Merioneth

County

Published in The History of Parliament: the House of Commons 1509-1558, ed. S.T. Bindoff, 1982
Available from Boydell and Brewer

Elections

DateCandidate
1542EDWARD STANLEY I
1545RHYS VAUGHAN I
1547LEWIS AB OWEN
1553 (Mar.)LEWIS AB OWEN
1553 (Oct.)JOHN SALESBURY
1554 (Apr.)LEWIS AB OWEN
1554 (Nov.)LEWIS AB OWEN 1
1555(not known)
1558ELLIS PRICE

Main Article

Merioneth was an isolated county, far from the headquarters of the council in the marches. With a coastline lacking good anchorages, with infertile soil and a mountainous hinterland, the county went in for cattle breeding and iron production, but general poverty and brigandage hindered the development of either interest. The determined effort of Lewis ab Owen to restore order in Mawddwy failed with his own murder in 1555. The poverty of the region presumably explains why Merioneth alone of the Welsh counties was not provided with a parliamentary borough under the Act of Union. There were only two boroughs possessing charters of their own, Bala and Harlech, but both were in decline: Bere with a charter of 1284 was only nominally a borough. If the old shire town of Harlech resented its lack of representation, the absence of a borough seat does not seem to have intensified the competition for the single seat available. There were half a dozen old county families, the Nanneys, Lloyds of Rhiwgoch, Vaughans of Caer Gai and Corsydegol and Salesburys of Rûg, a cadet branch of the house of Lleweni, but by the reign of Edward VI the Owens of Dolgellau were pre-eminent, Lewis ab Owen being vice-chamberlain of North Wales and baron of the exchequer at Caernarvon. Following ab Owen’s murder the authority wielded by him passed largely to Ellis Price from Denbighshire whose mother and second wife were of Merioneth origin.2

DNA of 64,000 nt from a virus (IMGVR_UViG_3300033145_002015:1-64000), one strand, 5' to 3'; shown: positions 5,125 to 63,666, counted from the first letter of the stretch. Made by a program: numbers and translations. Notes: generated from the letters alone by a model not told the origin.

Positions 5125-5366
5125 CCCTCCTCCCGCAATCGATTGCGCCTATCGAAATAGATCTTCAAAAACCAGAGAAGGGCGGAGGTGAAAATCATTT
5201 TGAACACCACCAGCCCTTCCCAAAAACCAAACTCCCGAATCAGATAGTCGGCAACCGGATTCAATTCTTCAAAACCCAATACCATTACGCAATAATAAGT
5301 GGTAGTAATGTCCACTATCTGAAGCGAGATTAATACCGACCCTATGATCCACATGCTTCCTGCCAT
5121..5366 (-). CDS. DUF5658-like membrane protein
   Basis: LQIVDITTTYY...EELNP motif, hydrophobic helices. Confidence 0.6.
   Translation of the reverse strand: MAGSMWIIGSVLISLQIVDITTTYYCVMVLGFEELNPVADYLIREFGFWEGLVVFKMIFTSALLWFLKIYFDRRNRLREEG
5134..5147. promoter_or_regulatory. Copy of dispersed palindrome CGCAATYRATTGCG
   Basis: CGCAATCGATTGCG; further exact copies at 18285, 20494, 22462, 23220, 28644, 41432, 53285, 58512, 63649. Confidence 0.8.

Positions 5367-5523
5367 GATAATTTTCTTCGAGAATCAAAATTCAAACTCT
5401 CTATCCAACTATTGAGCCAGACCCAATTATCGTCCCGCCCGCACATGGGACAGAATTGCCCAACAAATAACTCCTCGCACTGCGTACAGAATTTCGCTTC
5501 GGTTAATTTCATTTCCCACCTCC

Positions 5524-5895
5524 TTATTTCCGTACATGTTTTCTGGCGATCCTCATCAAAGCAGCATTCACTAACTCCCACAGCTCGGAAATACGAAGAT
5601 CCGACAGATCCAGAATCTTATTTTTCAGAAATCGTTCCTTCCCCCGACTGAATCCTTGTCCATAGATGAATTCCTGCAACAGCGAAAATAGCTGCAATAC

There is no evidence in the mid 16th century of the later custom whereby the leading figures in the county settled on the choice of the knight of the shire before the meeting of the county court to elect him, but it is quite likely that this happened. With only one seat in contention Merioneth men were not disposed to accept patronage from outside. In 1542 they ignored a request from the president of the council in the marches to elect Richard Mytton of Mawddwy, perhaps on the grounds that Mawddwy had only been incorporated in the county at the Union. Their choice on this occasion seems to have been designed to satisfy local interests as well as to please the King, for Edward Stanley was deputy at Harlech castle to the royal favourite Sir Francis Bryan. Two schedules